The folks at Three Fields Entertainment have a reputation that precedes them. Known for their work on the Burnout series in the past, this studio has been primed to make their own racing game since they first emerged into the spotlight. With the original Danger Zone, we got our first taste of their signature crash mode style.
It was a strong first effort, but it had room for improvement. Now that Danger Zone 2 is here, have these talented developers found that secret ingredient that makes for the perfect crash, or is this second attempt a gruesome pileup? Let’s find out!
Where Crashing and Burning is Encouraged
While I did have a good time with the original, there’s no need to go back and play the first game in this series. Danger Zone immediately improves upon its predecessor in a number of ways that make this the one to choose.
One of the biggest gripes I had with the original was a lack of variety in the environments. You were constantly underground in crash test courses that all seemed staged. This isn’t the case with Danger Zone 2. From the beginning, you’re thrust into the wide open world with bright sun and blue skies.
Furthermore, you’ll notice a lot more traffic this time around, and vehicles that behave more like actual drivers. This is due to the developers pulling inspiration from real-world crash spots, which injects a lot more life into the concept than the original’s test tracks.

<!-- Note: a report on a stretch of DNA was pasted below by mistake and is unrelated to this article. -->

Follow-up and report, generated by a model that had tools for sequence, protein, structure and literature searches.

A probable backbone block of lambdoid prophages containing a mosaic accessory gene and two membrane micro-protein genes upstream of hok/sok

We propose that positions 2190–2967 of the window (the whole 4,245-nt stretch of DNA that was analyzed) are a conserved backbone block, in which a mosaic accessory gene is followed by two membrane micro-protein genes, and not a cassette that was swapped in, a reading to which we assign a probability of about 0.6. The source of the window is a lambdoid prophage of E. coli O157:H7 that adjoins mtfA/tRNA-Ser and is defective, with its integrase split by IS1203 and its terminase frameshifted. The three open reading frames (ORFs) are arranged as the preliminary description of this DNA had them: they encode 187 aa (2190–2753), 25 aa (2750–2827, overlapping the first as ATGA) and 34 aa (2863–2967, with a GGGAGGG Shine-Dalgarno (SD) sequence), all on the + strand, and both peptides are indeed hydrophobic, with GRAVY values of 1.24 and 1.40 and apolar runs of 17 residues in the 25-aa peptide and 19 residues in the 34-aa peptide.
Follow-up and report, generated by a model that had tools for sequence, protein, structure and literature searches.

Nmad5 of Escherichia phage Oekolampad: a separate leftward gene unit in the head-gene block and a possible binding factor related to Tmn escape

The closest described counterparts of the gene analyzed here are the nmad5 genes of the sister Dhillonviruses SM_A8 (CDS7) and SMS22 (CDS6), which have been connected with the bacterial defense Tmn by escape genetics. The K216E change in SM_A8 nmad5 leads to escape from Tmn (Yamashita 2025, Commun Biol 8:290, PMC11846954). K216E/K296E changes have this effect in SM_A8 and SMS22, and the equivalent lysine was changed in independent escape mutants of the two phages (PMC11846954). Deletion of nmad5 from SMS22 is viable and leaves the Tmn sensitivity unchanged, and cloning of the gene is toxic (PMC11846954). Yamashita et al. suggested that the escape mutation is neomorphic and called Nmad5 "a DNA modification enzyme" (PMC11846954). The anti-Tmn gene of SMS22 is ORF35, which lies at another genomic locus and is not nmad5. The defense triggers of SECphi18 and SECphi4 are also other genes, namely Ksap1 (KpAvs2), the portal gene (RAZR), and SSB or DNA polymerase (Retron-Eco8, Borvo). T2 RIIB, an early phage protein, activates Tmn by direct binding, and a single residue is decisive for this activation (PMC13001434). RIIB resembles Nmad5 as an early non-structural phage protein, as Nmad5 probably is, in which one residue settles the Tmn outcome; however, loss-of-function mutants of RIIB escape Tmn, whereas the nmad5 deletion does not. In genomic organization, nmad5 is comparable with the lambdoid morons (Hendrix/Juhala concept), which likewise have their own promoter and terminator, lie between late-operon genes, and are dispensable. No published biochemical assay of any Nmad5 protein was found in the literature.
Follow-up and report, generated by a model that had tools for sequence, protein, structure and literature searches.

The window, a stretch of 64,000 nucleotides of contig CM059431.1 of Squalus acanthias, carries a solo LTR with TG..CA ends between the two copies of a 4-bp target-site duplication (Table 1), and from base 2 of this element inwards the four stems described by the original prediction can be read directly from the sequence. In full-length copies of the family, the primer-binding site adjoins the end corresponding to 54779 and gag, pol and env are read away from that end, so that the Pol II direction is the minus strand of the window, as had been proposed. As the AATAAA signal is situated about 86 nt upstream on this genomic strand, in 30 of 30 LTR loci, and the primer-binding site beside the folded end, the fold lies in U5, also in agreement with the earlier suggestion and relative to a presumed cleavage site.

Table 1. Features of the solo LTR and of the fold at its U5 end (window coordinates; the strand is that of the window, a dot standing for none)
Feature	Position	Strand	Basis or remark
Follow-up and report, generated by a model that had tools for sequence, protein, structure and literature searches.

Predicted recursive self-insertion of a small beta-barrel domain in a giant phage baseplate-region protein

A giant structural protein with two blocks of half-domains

The game’s tutorial also introduces us to a variety of mechanics, some new and some returning.
For new players to the series, the objective in each level is simple: cause the biggest crash possible. While the premise may be simple, Danger Zone 2 is going to make you work for that gold or platinum medal.
In each level, you’ll start out going at a solid speed as control is placed into your hands. A counter in the top left corner of the screen shows you how much distance remains before you’re in the “Danger Zone” which is where you need to cause your crash.
The distance between you and the zone varies from level-to-level, but this space isn’t meant to give you a chance to breathe. Instead, you’re given a Run-Up Objective to complete before you hit the main area. This objective ranges from crashing into specific vehicles, or triggering a boost chain, which involves holding down your boost button until the meter drains multiple times.
Completing this objective prior to your crash provides a nice bonus to your final score. In addition, you can find three tokens in the environment both before and within the Danger Zone. These also add bonuses to your score, and grabbing all three earns you a Grand Slam bonus.
Finally, there’s the Crashbreaker. This is a concept that makes the crashes look like what Michael Bay would do with an unlimited budget. After achieving a certain number of collisions, you can effectively trigger a massive explosion from your vehicle.
This strategic advantage can really turn up the carnage in any given crash. Say you just went sailing from a ramp and landed in a busy highway. Cars start slamming into you, swerving out of the way, and otherwise slamming their brakes. Now’s your chance.